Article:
A recent Food and Drug Administration Request for Proposal indicates that the agency is poised to more aggressively ensure that vape shops are satisfying their obligations under the Family Smoking Prevention and Tobacco Control Act. The FDA has asked for bids on a third-party contract to inspect vape shops and other companies that manufacture components of electronic nicotine delivery systems (ENDS). The agency is apparently prepared to spend $23 million over a five-year period for these services.
The inspectors will be tasked with a number of duties, including specifically ensuring that companies have not impermissibly introduced so-called “new tobacco products.” Under the Tobacco Control Act, companies generally are not permitted to introduce “new tobacco products” (defined as any product introduced after February 15, 2007 or changed in any way since then) without FDA permission. However, under the Deeming Regulations, ENDS were given limited relief, such that if the product was introduced by August 8, 2016 (the effective date of the regulations) the product could continue to be sold until 2022, provided that the manufacturer submits a request for FDA premarket authorization, pending FDA approval or rejection. The inspections apparently will focus on whether a manufacturer’s products were in fact introduced by August 8, 2016, and have not been changed in any way since then.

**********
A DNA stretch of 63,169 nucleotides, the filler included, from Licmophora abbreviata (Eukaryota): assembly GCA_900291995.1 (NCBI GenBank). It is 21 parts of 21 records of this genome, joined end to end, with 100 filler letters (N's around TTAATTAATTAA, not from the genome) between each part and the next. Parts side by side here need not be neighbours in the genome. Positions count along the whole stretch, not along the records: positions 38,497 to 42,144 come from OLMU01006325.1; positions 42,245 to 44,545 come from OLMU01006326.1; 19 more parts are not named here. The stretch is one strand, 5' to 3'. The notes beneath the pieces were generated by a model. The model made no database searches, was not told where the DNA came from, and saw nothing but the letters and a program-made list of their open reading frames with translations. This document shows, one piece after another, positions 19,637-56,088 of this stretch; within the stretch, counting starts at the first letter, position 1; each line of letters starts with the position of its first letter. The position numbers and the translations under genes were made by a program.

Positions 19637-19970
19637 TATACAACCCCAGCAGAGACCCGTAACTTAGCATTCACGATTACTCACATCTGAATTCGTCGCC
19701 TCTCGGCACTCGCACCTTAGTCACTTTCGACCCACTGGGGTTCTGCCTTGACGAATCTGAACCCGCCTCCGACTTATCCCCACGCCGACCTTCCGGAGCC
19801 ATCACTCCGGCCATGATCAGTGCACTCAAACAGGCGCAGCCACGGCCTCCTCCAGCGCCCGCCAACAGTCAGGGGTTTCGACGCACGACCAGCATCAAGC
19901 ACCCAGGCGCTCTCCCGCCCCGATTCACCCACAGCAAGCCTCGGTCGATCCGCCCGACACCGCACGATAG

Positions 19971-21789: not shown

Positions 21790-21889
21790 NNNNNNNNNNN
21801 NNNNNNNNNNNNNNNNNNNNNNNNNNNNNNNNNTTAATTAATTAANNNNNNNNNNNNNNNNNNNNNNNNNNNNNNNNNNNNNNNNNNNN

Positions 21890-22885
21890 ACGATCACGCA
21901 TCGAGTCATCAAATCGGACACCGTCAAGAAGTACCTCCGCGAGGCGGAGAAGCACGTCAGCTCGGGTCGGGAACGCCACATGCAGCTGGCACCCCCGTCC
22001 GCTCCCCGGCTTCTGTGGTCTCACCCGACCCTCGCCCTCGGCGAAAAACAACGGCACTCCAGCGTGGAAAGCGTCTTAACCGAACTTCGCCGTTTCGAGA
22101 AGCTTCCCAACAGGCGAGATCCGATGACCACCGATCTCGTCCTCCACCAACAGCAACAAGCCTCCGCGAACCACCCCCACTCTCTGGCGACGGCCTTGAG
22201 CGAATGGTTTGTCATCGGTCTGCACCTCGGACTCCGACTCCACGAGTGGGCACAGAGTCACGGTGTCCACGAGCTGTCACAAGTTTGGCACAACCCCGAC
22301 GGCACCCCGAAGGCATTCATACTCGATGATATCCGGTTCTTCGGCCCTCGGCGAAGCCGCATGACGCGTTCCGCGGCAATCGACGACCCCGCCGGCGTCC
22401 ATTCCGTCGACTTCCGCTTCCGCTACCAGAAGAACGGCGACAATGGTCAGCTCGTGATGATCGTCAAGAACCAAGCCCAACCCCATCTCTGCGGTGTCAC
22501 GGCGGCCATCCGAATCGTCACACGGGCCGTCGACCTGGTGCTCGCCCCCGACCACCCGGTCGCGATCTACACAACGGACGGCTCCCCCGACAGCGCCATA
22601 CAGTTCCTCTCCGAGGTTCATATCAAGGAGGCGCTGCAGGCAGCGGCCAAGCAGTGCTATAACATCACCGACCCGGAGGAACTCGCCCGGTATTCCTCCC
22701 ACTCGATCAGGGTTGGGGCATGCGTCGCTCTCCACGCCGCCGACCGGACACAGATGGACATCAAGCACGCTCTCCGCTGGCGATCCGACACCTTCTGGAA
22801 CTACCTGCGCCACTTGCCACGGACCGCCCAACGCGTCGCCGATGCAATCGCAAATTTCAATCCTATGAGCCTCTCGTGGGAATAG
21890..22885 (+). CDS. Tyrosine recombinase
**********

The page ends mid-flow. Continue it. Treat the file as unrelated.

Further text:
Manufacturers must be prepared to document that their products are not “new tobacco products”, and the burden of proof is on the manufacturer. There are a variety of ways to show that a product was on the market before August 8, 2016, including:
- Dated invoices
- Dated manufacturing records
- Dated promotional material
- Dated trade publications
- Dated advertisements
- Dated catalog pages
- Dated purchase orders
- Dated inventory lists
Most fundamentally, however, manufacturers and merchants must be prepared to demonstrate that a product is produced the same way, with the same ingredients and specifications, as the pre-August 2016 version of the product.
The inspectors also will be tasked with ensuring that establishments and products are properly registered, ingredient submissions have been made in accordance with FDA guidelines, and the products’ labeling accords with FDA regulations, including whether labels are “false or misleading” in any way. The inspectors also will evaluate whether manufacturers and other regulated parties are making impermissible “modified risk” claims without requisite FDA approval.